1Department of Anthropology, University of California Santa Barbara, 2Department of Anthropology, University of New Mexico, 3Department of Anthropology, Hunter College, City University of New York
March 26, 2015 11:30, Grand Ballroom D
Testosterone is thought to mediate energetic allocation between reproduction and survival. Energetic deficits from caloric restriction or high pathogen burden lead to rapid down regulation of testosterone production. The anabolic effects of testosterone are well established, increasing lean muscle mass, which results in greater energetic expenditure, though it is unclear if circulating testosterone increases energetic expenditure beyond the role it has in lean muscle mass. Here we examine whether testosterone is associated with higher total daily energy expenditure (TEE kCal/day) as measured by doubly labeled water (DLW) in forty Tsimane forager-horticulturalists practicing a traditional subsistence lifestyle of hunting, foraging and horticulture. Twenty men aged 20-77 (median 47.5) years, and 20 females aged 18-87 (median 48.5) years drank DLW (120 g; 10% H218O, 6% 2H2O) and provided urine specimens over a nine day period. Average TEE (kCal/day) was calculated from 18O and 2H isotope depletion, and testosterone was measured via enzyme immunoassay in first morning urine samples. Controlling for age, sex, and lean muscle mass, testosterone was positively associated with TEE (Std. β = 0.28, p=0.030). Males showed a stronger association between testosterone and TEE (Std. β = 0.45, p=0.018) than women (Std. β = 0.01, p=0.979), controlling for age and lean muscle mass. These results indicate that energetic costs of a high testosterone phenotype exceed the costs of muscle mass alone, even in lean forager-horticulturalists with relatively low levels of testosterone. Testosterone is an important mediator of many aspects of male physiology beyond muscle mass, including potentially energetically expensive behaviors.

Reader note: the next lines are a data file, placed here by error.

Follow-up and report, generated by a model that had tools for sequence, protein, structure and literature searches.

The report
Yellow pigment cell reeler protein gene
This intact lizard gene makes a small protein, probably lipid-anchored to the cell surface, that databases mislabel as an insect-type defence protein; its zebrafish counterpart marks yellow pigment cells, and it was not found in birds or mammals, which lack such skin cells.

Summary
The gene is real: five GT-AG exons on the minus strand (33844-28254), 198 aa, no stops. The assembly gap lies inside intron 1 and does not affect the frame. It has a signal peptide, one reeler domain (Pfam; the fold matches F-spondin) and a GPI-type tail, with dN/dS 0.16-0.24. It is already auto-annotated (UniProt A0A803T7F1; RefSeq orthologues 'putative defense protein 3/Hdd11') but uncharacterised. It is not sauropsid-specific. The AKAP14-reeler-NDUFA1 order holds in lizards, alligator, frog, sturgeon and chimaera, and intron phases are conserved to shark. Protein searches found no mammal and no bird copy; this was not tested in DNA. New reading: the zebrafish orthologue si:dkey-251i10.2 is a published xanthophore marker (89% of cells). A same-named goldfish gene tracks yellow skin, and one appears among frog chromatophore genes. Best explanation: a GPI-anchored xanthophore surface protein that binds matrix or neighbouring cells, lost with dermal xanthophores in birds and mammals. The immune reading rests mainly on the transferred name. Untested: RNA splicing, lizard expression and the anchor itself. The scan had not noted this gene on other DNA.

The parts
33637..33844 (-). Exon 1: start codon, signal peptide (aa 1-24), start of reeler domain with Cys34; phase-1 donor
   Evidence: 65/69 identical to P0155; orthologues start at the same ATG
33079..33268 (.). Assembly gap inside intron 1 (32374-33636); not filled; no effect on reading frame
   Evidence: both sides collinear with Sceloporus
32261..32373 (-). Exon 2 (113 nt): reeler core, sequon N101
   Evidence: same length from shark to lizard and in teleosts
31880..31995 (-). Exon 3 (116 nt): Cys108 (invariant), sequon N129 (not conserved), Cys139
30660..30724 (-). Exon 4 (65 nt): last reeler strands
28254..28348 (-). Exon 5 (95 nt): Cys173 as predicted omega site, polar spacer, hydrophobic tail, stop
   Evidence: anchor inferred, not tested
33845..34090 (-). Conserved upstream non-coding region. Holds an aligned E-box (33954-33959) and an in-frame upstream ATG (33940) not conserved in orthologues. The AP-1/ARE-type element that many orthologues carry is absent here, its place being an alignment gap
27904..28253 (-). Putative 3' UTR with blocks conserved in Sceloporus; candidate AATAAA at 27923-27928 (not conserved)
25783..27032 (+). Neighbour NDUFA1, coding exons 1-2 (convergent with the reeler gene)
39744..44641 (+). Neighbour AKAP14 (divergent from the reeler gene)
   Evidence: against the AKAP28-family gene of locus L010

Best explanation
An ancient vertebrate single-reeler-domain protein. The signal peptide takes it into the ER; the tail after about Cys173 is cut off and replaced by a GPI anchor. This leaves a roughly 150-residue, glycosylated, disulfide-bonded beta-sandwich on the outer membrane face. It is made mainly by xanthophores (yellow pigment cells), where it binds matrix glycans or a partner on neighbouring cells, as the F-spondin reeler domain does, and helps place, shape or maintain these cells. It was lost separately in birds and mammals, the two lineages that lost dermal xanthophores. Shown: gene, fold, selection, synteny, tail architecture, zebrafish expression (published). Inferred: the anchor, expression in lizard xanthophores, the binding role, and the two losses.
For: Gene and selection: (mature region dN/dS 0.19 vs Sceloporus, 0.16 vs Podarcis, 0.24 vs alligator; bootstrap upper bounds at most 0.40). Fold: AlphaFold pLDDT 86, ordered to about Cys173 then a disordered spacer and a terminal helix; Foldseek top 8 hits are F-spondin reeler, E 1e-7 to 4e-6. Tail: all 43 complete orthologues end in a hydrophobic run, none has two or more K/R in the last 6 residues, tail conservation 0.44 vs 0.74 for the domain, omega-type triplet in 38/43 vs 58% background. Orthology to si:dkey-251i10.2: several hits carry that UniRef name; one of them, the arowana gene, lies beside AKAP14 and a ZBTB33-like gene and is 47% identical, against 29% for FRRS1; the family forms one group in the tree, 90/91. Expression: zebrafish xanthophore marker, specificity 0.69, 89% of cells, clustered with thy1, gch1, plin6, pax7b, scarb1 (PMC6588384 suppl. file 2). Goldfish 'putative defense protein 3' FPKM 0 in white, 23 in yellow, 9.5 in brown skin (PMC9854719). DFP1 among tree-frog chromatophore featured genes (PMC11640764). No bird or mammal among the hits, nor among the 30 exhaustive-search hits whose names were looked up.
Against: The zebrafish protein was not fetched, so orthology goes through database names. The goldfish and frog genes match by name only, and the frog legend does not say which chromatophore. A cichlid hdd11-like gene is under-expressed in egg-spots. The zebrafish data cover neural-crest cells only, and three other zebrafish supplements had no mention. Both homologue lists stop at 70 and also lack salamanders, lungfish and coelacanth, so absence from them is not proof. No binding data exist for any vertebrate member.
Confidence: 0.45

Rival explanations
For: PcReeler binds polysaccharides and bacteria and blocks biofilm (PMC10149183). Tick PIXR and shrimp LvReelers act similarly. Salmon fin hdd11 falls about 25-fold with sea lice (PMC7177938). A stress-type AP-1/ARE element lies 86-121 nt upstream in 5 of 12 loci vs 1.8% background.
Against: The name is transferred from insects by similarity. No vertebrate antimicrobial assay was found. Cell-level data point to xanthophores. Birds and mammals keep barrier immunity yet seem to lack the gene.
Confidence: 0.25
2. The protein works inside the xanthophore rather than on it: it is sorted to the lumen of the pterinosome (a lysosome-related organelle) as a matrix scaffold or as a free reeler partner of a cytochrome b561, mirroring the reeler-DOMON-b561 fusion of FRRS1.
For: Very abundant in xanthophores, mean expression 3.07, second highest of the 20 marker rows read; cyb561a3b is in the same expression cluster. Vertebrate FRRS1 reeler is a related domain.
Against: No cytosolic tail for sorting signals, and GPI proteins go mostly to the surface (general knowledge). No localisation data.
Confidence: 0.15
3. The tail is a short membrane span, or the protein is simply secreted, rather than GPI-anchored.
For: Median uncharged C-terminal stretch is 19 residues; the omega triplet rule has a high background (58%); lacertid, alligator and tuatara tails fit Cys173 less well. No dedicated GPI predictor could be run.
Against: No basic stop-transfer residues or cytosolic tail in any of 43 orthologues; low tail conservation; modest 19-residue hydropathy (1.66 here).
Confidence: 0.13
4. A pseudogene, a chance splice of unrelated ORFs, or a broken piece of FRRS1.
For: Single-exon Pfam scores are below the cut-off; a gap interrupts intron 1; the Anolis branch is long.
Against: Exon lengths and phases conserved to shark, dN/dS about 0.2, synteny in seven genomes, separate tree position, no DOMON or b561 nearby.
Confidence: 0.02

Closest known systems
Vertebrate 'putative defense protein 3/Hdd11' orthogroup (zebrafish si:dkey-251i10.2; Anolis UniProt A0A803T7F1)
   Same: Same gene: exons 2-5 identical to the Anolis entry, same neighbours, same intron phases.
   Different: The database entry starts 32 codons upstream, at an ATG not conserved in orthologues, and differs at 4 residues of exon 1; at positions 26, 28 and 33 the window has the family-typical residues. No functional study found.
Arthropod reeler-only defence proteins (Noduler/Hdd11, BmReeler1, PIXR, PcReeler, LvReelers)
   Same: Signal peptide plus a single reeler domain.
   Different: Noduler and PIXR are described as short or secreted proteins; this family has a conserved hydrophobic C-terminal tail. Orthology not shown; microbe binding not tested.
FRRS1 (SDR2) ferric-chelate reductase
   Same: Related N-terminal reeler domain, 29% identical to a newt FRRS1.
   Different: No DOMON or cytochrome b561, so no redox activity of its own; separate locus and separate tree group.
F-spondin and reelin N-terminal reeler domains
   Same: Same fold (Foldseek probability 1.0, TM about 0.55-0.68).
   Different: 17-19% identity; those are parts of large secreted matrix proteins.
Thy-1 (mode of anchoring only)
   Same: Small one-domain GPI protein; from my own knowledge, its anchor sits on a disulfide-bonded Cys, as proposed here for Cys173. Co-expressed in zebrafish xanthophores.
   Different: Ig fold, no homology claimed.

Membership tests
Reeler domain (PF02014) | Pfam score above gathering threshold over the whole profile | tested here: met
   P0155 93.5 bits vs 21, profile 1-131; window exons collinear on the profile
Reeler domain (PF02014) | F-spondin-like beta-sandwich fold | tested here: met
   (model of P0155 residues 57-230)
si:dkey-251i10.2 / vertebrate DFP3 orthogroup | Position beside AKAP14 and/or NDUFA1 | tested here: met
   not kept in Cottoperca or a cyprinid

Grant Sponsorship: NIA R01AG024119-01, R56AG024119-06, R01AG024119-07